Skip to main content

Vancouver Canucks' head coach Alain Vigneault directs his players through a drill during team practice in Vancouver. THE CANADIAN PRESS/Darryl Dyck

Darryl Dyck/CP

Probably to no one's surprise, Vancouver Canucks' coach Alain Vigneault came to the defence of the bewildered Raffi Torres on Sunday night, in the immediate aftermath of a 3-2 win over the Chicago Blackhawks to put his team up 3-0 in the series.

Torres had a chance to wear the goat horns after his crushing hit on Blackhawks' defenceman Brent Seabrook put Chicago on a second-period power-play and permitted them to tie the game. The Canucks subsequently scored the only goal of the third period, won anyway and now have a stranglehold on the series.

Torres wasn't available for comment after the game, but talked all morning about the need to play disciplined and stay out of the penalty - and then couldn't follow through on his promises.

Story continues below advertisement

Funny too because Torres - back in 2006, in his Edmonton Oilers' days - changed the momentum of a series against the San Jose Sharks with a massive open-ice hit on Milan Michalek.

But times have changed and so have NHL sensibilities and now, what was once a highlight film collision is now subject to supplementary discipline. Torres was just back in the line-up after serving a four-game suspension for a hit to the head of the Edmonton Oilers' Jordan Eberle. Vigneault wouldn't venture a guess as to whether Torres will be hearing from the NHL's chief of discipline, Colin Campbell today, but most everybody suspects he'll get a call.

Vigneault doesn't think Torres needs to change much, noting that: "A physical dimension is part of his game. Obviously, there are some adjustments and some education that all players have to go through, but I look at that hit and I compare that hit to (Ryan) Getzlaf on (Dan Hamhuis). I compare that hit to (Alexei) Ponikarovsky on Hamhuis - same type of hit - and Getzlaf didn't even get a penalty on his.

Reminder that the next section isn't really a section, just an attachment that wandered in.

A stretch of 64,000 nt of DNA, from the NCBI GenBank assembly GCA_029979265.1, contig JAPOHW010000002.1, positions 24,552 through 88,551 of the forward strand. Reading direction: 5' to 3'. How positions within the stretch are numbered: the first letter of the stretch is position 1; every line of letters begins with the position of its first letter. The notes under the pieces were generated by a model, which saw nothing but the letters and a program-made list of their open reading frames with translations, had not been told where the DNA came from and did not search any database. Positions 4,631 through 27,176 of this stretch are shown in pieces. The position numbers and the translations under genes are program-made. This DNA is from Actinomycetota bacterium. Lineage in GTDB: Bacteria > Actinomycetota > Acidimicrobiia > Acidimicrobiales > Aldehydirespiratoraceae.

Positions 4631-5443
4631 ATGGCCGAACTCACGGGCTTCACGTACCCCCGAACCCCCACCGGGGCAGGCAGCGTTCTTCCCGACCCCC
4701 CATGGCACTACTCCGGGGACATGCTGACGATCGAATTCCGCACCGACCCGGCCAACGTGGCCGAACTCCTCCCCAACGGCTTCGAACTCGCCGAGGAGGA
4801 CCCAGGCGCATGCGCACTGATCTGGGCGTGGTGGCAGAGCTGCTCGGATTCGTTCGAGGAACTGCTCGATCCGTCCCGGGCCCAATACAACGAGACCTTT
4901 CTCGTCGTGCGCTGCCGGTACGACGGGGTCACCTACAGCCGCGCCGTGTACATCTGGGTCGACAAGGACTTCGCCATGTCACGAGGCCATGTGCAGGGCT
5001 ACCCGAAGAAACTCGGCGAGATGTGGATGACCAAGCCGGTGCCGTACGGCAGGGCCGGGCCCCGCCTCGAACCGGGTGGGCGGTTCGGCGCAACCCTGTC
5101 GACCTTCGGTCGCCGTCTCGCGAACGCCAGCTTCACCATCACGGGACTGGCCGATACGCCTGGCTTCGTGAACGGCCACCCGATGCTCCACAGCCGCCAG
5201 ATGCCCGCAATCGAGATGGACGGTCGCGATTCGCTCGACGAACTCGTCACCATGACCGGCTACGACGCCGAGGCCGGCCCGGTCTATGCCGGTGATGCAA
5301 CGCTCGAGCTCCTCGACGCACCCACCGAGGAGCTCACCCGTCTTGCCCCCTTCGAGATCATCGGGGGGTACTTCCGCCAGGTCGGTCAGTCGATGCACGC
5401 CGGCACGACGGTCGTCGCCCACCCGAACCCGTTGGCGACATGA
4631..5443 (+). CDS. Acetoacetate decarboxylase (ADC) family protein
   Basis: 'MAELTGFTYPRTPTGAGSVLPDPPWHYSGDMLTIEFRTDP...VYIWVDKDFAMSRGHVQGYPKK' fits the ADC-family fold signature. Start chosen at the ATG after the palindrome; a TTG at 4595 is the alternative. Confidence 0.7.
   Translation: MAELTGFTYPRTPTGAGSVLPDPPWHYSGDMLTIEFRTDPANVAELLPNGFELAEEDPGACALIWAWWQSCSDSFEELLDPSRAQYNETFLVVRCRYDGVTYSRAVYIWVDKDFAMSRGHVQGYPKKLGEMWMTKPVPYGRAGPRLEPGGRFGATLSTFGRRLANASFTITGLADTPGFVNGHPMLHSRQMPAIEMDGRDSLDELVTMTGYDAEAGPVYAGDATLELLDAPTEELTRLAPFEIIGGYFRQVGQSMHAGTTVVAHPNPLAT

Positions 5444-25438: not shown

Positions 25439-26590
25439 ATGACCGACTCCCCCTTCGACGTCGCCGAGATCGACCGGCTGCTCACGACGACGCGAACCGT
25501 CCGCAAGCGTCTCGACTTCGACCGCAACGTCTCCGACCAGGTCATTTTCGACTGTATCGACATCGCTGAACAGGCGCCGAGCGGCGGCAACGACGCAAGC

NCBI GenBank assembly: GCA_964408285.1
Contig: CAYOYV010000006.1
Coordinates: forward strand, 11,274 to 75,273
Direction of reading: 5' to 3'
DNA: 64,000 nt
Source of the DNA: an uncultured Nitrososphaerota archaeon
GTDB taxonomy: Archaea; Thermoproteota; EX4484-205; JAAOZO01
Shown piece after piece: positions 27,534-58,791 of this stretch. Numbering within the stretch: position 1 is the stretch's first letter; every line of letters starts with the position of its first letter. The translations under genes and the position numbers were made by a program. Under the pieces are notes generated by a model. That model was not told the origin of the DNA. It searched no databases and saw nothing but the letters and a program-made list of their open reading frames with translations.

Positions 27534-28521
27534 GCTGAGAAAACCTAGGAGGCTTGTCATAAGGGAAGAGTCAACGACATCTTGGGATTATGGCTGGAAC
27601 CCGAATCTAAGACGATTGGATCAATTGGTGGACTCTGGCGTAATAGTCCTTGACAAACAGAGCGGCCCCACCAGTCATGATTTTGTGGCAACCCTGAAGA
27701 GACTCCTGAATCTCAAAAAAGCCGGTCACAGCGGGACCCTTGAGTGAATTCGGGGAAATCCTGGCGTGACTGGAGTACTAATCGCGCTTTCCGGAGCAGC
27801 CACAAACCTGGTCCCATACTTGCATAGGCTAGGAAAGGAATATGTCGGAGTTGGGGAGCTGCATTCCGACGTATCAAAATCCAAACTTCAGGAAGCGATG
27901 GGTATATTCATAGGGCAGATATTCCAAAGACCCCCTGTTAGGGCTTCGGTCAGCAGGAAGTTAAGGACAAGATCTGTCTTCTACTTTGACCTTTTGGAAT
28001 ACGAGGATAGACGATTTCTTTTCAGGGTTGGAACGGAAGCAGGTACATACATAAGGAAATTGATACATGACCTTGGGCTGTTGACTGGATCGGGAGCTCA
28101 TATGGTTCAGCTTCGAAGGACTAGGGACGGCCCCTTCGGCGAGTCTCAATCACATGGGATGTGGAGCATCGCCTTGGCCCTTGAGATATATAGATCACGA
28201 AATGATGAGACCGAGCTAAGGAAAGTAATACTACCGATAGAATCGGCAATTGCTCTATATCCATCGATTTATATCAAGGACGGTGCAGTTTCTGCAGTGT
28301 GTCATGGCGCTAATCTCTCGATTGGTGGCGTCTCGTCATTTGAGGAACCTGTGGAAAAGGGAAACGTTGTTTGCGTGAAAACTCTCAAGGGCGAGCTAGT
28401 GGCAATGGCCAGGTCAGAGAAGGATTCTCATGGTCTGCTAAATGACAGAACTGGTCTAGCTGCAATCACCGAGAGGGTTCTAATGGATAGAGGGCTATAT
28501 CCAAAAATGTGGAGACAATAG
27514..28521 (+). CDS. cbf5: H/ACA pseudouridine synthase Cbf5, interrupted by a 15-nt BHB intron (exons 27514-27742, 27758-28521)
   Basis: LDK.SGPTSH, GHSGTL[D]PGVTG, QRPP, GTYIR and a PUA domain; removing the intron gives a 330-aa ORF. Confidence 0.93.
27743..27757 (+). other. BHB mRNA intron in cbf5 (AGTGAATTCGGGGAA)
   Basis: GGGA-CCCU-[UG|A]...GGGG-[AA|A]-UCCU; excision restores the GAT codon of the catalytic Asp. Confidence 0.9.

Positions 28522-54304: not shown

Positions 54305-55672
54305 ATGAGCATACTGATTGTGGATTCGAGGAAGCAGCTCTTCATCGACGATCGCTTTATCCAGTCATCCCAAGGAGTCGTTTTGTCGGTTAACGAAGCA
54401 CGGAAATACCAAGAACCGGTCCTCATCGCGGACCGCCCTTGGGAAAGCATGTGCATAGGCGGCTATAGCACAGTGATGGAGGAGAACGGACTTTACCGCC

"I mean, hockey's a collision sport. There's a lot of intensity. You're always walking that fine line."

Vigneault said he didn't think Torres hit even warranted a penalty, "but at the end of the day, that's me.

"Obviously, you don't ever want to see a player get hurt and I understand where they're going with this. But hockey is still a physical game, a collision game. Each and every one of us wants it to stay a physical game, without players getting hurt. That being said though, there's a physicality in the game and there's always going to be injuries out there."

Report an error Licensing Options
About the Author

Eric was the winner of the Hockey Hall Of Fame's Elmer Ferguson award for "distinguished contributions to hockey writing" in 2001. A graduate of the University of Western Ontario's grad school of journalism, he began covering hockey in 1978 and after spending 20 years covering the NHL and the Calgary Flames, joined The Globe in 2000. More

Comments are closed

We have closed comments on this story for legal reasons. For more information on our commenting policies and how our community-based moderation works, please read our Community Guidelines and our Terms and Conditions.